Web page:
We are still in the best-of-five first round of the National Basketball Association playoffs to decide who loses the championship to the Los Angeles Lakers. The team is playing for pride, of course, and tens of millions of dollars, but also for sneaker commercials and TV ratings. Since the grounding of Air Jordan, those ratings have gone south.
Pro basketball, the postmodern game, all velocity, attitude and hip-hop, is looking for its lost chic. What this will probably mean is a new marketing plan. What it should mean is the recovery of joy.
For instance: In the new movie Love & Basketball, from writer-director Gina Prince-Blythewood, the boy-next-door meets the girl-next-door when they're 11 years old. Growing up to be Omar Epps and Sanaa Lathan, they go to high school together but play basketball separately. Omar's pro-ball father, Dennis Haysbert, wants him to go to Princeton. Sanaa's mother, Alfre Woodard, wants her to be more girlish.
Prom night opens some eyes. So Omar and Sanaa go to the University of Southern California to play team ball as well as one on one. But Omar has family troubles, Sanaa has a curfew, he quits school for the NBA draft, she'll play in Europe, and they end up playing one on one again.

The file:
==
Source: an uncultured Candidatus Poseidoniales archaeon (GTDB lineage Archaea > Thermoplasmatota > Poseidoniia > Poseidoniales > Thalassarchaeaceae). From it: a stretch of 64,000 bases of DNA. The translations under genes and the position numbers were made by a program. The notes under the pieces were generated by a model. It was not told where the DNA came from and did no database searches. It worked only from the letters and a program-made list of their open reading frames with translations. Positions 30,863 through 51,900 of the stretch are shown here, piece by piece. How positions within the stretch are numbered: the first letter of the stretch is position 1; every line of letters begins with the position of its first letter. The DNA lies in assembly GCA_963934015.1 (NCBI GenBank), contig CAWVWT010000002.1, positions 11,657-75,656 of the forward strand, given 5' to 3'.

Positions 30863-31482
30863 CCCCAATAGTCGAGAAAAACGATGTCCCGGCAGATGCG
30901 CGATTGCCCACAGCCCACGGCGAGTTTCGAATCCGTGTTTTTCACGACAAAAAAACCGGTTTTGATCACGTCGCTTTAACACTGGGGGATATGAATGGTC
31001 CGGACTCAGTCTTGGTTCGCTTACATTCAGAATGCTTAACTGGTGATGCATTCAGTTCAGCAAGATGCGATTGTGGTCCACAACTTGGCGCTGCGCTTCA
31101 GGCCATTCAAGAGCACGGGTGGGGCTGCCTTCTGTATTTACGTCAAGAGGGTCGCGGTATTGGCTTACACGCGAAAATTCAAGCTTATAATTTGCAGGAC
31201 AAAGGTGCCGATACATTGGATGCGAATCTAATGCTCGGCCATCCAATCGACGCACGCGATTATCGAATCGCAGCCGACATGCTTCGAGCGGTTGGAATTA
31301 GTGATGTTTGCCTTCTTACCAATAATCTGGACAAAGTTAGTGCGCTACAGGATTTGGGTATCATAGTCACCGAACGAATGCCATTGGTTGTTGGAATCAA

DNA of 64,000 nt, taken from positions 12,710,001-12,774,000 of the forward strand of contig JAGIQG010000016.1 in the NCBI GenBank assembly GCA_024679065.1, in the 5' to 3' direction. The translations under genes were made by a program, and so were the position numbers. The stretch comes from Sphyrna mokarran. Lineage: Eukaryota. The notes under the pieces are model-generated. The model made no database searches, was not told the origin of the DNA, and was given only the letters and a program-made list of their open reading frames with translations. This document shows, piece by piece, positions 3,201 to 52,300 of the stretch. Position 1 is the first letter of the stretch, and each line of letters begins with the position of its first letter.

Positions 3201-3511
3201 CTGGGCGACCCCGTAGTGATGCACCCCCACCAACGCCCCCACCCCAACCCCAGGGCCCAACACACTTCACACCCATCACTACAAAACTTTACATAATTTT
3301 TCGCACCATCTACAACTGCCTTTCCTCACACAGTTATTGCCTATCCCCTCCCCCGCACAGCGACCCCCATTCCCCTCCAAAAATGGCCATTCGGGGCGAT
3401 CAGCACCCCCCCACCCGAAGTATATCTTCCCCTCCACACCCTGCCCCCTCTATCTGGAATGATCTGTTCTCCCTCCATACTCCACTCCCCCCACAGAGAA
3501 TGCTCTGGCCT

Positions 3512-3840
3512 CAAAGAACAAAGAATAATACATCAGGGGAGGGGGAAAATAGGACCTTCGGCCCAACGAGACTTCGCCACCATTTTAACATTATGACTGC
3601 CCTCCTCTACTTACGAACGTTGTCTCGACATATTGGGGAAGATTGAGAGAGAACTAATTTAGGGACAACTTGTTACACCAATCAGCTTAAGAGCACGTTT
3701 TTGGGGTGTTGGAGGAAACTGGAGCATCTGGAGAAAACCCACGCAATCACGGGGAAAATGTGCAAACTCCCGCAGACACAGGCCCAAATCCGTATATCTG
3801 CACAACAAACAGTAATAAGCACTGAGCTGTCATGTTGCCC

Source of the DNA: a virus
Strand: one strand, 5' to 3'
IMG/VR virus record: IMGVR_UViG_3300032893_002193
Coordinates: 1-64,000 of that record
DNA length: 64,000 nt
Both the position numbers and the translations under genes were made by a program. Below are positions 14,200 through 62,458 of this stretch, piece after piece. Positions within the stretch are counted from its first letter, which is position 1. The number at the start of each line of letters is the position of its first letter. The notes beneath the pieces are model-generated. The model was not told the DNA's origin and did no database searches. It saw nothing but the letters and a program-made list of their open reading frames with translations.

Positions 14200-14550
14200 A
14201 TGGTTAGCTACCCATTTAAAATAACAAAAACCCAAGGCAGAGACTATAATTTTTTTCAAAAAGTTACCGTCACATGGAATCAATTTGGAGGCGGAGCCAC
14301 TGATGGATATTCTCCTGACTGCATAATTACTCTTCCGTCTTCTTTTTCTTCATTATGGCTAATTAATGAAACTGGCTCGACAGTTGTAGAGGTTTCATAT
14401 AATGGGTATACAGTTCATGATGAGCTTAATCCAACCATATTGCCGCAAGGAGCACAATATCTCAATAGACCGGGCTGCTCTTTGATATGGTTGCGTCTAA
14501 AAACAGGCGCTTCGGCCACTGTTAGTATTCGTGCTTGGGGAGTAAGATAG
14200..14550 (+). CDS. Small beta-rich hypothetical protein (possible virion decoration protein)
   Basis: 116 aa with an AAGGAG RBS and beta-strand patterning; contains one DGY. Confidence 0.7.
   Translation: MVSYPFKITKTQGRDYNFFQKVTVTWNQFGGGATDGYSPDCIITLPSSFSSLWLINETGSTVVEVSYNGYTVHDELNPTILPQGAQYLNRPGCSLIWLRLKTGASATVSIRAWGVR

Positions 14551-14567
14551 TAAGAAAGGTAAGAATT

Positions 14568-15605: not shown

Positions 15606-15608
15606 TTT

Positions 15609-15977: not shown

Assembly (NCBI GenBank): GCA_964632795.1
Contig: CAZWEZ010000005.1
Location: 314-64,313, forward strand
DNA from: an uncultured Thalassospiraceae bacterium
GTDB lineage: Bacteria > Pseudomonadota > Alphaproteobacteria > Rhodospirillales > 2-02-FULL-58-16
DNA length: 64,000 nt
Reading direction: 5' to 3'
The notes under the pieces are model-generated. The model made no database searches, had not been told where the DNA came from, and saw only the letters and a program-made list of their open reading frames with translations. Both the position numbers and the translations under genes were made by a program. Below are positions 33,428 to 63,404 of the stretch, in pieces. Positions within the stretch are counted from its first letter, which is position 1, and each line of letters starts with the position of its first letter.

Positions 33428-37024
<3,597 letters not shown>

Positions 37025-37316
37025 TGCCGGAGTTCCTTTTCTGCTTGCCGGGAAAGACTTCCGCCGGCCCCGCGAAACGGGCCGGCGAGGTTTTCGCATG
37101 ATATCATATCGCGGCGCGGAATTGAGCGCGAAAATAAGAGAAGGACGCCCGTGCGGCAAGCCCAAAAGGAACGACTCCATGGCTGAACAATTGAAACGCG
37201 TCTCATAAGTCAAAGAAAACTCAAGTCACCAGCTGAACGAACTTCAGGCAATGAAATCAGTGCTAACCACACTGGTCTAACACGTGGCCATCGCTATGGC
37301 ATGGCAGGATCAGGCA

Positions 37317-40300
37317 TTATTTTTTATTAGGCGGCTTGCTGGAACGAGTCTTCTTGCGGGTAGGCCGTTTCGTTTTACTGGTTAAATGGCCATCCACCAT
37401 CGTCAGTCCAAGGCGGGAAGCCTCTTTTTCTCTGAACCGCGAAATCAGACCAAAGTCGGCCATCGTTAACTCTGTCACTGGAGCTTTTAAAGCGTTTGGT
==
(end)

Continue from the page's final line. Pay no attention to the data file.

Love & Basketball ends up too cute. But Sanaa Lathan is a fiercely gorgeous revelation, a woman warrior with what Yeats once called "beauty like a tightened bow." Imagine a basketball movie that's not about race or even winning; it's about excellence.
Too bad you won't see any Sanaas Saturday night on TNT cable in On Hallowed Ground: Streetball Champions of Rucker Park. But Rucker basketball in Harlem is all about men and boys and jive and joy.
As well there are famous former streetball players like Dr. J, Vince Carter and Mark Jackson, and playground legends like Pee Wee Kirkland, who went to prison instead of the NBA, but came out teaching - plus a ref who lost his son to a different side of the street and even a fistfight that calls off a game, which Captain Nappy will explain.
Asked about it, these players can't really imagine life after hoops. It's as if the ball were a saxophone, a laptop or an artist's brush. Nor is Rucker Park innocent of marketing plans. Teams are sponsored by hip-hop record labels, and after-school programs, by sneaker companies; and if you can't play, forget about a job; and if you're a girl, have a baby.
But I'm not trying to change society, at least now. I'm remembering instead when basketball was love, back before I failed to make my college freshman team because, while I could shoot, I couldn't jump, which is why I'm sitting here - in your face.